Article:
As the industry gears up for Medicinal Cannabis Awareness Week, former Northern Territory and federal police commissioner Mick Palmer urges governments not to repeat the mistakes of the past.

When I joined the Northern Territory Police, the offence of Ward Drink Liquor (WDL) was in force. The law focused solely on Indigenous Australians, and provided that Aboriginal persons whose names were not listed in a citizens register (a government gazette-style publication that listed all Aboriginal people who had been deemed or declared to be citizens) were classified as wards.

Mick Palmer

As wards they committed an offence of WDL for simply drinking alcohol, for which they were highly likely to be arrested and even imprisoned. The law was only repealed in 1967. 

The intent of the law may have been to protect Indigenous Australians from the damage and dangers of alcoholism and to stop or deter them from drinking. But the reality was it did neither because it focused on the symptoms and did nothing to address the causes of the problem or the reasons for the behaviour.

Indigenous people still drank alcohol, the only difference was they were likely to be arrested, and often imprisoned, for doing so. Apart from being hugely discriminatory, the law punished the very people it was supposed to protect. 

Such early operational experiences caused me to question the law and ask whether some of the behaviours addressed in our criminal codes should be crimes at all.

I remember being required to question a young man in his Darwin hospital bed who had attempted to take his own life. He had committed the then crime of attempted suicide. 

Why anyone would want to arrest, charge and convict someone in his circumstances, even then, was almost impossible to understand.

The criminal justice system of the time, however, provided no avenues for support, protection, or treatment. The focus was solely on punishment, in the mistaken and simplistic belief that this would act as a deterrent to behaviour seen, at that time, as unacceptable.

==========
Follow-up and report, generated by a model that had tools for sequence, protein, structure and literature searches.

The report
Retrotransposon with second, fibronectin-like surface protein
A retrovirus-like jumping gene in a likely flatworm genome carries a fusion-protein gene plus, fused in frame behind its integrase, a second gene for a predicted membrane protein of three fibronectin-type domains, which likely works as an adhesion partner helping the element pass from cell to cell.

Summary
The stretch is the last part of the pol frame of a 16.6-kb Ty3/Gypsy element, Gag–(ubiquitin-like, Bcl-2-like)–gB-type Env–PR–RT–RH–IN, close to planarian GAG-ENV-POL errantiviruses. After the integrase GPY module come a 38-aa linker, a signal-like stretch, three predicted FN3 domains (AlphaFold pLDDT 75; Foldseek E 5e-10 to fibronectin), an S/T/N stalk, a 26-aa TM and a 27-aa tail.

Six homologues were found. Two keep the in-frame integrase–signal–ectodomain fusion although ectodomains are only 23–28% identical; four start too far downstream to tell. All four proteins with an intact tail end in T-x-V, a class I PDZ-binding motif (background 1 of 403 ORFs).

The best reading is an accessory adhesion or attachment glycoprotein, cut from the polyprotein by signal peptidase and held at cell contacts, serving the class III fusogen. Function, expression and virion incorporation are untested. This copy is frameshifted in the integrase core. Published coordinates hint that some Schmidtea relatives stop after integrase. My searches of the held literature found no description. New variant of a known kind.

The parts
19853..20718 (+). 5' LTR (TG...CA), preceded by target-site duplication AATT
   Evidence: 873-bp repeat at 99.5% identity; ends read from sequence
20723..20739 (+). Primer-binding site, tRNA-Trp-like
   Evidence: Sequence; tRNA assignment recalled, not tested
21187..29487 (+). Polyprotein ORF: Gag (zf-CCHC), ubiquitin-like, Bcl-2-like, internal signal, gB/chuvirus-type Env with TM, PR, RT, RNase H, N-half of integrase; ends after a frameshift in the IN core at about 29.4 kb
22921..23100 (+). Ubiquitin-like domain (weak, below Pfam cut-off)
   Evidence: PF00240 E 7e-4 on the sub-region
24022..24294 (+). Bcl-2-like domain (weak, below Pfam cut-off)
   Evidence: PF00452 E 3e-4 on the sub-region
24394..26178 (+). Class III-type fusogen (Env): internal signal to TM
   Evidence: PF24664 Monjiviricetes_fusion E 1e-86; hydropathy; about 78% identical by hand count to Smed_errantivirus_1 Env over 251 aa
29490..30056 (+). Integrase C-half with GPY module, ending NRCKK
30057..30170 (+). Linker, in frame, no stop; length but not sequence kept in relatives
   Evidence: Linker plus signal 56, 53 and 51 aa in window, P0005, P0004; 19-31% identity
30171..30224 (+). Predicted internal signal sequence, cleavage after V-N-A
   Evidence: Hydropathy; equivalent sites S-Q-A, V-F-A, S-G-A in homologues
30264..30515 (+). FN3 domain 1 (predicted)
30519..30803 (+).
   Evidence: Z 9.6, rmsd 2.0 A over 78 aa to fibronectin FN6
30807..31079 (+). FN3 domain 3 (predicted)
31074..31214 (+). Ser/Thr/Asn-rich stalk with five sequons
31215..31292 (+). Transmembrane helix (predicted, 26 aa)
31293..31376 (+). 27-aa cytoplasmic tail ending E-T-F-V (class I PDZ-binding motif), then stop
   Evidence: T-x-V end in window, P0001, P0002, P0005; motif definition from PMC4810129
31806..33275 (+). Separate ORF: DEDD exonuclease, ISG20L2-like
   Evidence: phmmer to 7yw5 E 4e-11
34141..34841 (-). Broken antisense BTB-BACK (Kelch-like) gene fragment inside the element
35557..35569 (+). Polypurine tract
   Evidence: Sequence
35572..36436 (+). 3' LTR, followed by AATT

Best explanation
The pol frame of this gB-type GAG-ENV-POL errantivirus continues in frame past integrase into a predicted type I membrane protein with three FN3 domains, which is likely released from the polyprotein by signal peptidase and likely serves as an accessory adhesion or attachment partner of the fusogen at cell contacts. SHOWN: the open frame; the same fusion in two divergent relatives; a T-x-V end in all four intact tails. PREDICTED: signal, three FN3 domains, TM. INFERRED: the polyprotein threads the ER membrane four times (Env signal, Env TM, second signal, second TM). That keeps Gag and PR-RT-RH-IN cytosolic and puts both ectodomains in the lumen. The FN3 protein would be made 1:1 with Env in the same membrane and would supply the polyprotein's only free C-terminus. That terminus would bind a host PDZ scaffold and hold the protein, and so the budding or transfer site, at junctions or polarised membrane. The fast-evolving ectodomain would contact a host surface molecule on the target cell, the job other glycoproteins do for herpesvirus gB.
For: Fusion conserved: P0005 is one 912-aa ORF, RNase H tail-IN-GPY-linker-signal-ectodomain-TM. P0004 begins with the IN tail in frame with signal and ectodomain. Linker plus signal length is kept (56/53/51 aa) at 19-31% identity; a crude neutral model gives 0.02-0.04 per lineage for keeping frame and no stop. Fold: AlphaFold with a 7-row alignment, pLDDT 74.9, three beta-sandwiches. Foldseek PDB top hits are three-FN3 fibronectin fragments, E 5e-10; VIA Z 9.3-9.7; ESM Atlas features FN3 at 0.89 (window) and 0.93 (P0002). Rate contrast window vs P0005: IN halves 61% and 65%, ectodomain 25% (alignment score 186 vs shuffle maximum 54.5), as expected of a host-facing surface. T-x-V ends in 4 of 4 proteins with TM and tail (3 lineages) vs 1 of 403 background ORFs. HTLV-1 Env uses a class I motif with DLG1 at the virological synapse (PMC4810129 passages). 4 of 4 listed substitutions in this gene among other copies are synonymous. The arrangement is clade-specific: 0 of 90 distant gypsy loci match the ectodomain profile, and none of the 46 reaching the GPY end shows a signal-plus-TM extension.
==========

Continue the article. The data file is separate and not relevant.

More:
Attempted suicide, thankfully, is no longer an offence in Australia.

But the lessons continued. The crime, then commonly known as buggery or sodomy, covering consensual sex between men, remained an offence in Australia until at least the late 1970s, with South Australia becoming the first Australian jurisdiction to fully decriminalise homosexual acts on August 27, 1975.

There are gay people living today, some of whom are dear friends of mine, who can still remember a time when the ‘abominable’ crime of buggery carried a sentence of 14 years’ imprisonment.

The death penalty for sodomy was only removed from the statute books in Victoria in 1949.

The reality is our history is littered with prohibitionist-type decisions which proved to be counter-productive, hugely discriminatory, bigoted, unfair, unnecessary and, in many cases, seriously harmful. 

Governments must be prepared to heed the ‘bad laws’ lessons of the past if we are to achieve more positive and constructive outcomes in the future.

It would be difficult to identify a more deserving and obvious example of this than medicinal cannabis. Despite the advances that have been made, the restrictions still surrounding access could not be sustained on any objective assessment. 

The medical evidence is overwhelming and I urge governments to heed the lessons of history, demonstrate genuine leadership, and take the opportunity to make a real and positive difference. 

We all surely have an obligation to do everything we can to ensure we do not repeat the mistakes of the past.

Mick Palmer is an ambassador for the Australian Medicinal Cannabis Association (AMCA).

Leave a comment